Kenneth Jackson and Milton Tillman Jr., who both have legitimate business incomes, presumably don’t have to worry about explaining where their money comes from. Asked what advantage a union stevedoring job—especially one that they may not work—provides Jackson and Tillman, Blom says, “I don’t have a clue. That’s beyond my payscale.”

Blom adds, “I don’t even know who the Jackson guy is. ” Of Tillman, he says, “I recognized by sight the guy who said he was Tillman” while working at the docks, “and all of the sudden, he disappeared.”

Meanwhile, Blom is banking on winning the Dec. 3 election for Local 333 president so he can work to make the union’s problems disappear too.

The High Life: Ex-Con Has High-Powered Help in Opening Nightclub

By Van Smith

Published in City Paper, Jan. 3, 1996


Kenneth Antonio Jackson, Jr., aka “Kenny Bird,” is out to become a leader in minority enterprise in the downtown entertainment market. By opening a big new nightclub, he and his supporters – including state Senator Larry Young and City Council President Lawrence Bell – hope to make “the region’s neighborhood” more inviting to the city’s prominent black middle class.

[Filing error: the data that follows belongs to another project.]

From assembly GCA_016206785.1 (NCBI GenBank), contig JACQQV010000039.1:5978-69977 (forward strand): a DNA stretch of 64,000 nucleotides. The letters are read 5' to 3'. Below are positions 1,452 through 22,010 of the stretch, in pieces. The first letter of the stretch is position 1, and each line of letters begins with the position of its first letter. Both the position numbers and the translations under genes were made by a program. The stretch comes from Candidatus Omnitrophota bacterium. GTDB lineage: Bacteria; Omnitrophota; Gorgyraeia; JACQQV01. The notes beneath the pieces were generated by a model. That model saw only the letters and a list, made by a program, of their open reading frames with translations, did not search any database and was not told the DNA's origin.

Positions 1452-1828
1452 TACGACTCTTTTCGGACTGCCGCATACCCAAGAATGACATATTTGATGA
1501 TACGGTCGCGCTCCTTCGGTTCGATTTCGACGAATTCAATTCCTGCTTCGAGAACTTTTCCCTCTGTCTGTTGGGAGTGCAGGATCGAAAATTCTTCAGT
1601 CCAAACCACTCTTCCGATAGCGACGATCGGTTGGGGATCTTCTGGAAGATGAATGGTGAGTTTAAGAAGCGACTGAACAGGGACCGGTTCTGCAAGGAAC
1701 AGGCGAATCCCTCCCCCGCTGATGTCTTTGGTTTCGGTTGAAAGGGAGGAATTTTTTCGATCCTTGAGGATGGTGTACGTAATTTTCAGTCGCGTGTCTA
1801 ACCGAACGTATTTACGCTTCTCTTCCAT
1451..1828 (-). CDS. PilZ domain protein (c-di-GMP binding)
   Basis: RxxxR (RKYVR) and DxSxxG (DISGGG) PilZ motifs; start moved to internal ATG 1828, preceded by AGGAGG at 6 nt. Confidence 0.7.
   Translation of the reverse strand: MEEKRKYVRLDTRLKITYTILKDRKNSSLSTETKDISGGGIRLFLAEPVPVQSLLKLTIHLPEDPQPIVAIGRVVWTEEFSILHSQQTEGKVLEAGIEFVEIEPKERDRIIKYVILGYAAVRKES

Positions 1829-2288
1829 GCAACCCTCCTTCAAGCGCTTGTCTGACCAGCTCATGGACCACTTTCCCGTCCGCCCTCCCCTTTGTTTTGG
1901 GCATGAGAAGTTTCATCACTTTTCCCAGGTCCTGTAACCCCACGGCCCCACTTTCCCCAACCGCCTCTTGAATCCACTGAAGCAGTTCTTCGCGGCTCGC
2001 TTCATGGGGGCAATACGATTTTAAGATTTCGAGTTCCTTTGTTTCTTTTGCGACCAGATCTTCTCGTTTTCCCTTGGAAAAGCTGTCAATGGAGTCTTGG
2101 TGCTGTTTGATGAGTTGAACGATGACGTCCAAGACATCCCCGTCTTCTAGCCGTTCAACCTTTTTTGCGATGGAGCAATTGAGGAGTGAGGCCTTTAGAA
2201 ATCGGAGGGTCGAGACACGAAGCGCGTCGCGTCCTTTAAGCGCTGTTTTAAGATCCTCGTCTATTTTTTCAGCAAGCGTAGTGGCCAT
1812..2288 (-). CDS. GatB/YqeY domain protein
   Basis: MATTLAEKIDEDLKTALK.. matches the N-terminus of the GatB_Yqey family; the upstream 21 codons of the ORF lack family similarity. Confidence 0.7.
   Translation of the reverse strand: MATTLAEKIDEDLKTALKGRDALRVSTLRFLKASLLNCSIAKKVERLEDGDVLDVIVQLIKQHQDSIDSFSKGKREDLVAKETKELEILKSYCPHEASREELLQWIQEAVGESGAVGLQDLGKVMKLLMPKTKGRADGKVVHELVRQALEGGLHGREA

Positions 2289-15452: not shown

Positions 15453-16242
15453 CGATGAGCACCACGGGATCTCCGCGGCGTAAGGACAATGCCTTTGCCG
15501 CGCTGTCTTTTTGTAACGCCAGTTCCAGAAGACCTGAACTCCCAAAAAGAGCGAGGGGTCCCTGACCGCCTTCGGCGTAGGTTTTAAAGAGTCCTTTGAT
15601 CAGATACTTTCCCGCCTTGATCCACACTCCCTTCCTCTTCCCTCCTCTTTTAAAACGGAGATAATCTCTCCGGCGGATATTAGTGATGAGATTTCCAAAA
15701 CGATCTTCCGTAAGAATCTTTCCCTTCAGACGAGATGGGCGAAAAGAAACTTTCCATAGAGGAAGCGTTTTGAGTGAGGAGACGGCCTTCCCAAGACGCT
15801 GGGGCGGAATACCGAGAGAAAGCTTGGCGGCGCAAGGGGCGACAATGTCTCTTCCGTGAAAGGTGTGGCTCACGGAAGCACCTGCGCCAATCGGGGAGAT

On December 22, Jackson’s lawyer, former Circuit Court judge and city solicitor George Russell of the law firm Piper and Marbury, received word that the liquor board had approved a liquor license and floor plans for the Sons of Italy building at 410 West Fayette Street, where Jackson has started renovations to open a jazz club/restaurant called the Royal Café. Jackson envisions the club as an upscale venue for national acts such as Lou Rawls and Aretha Franklin, which will attract middle-class and wealthy blacks over 30 years old.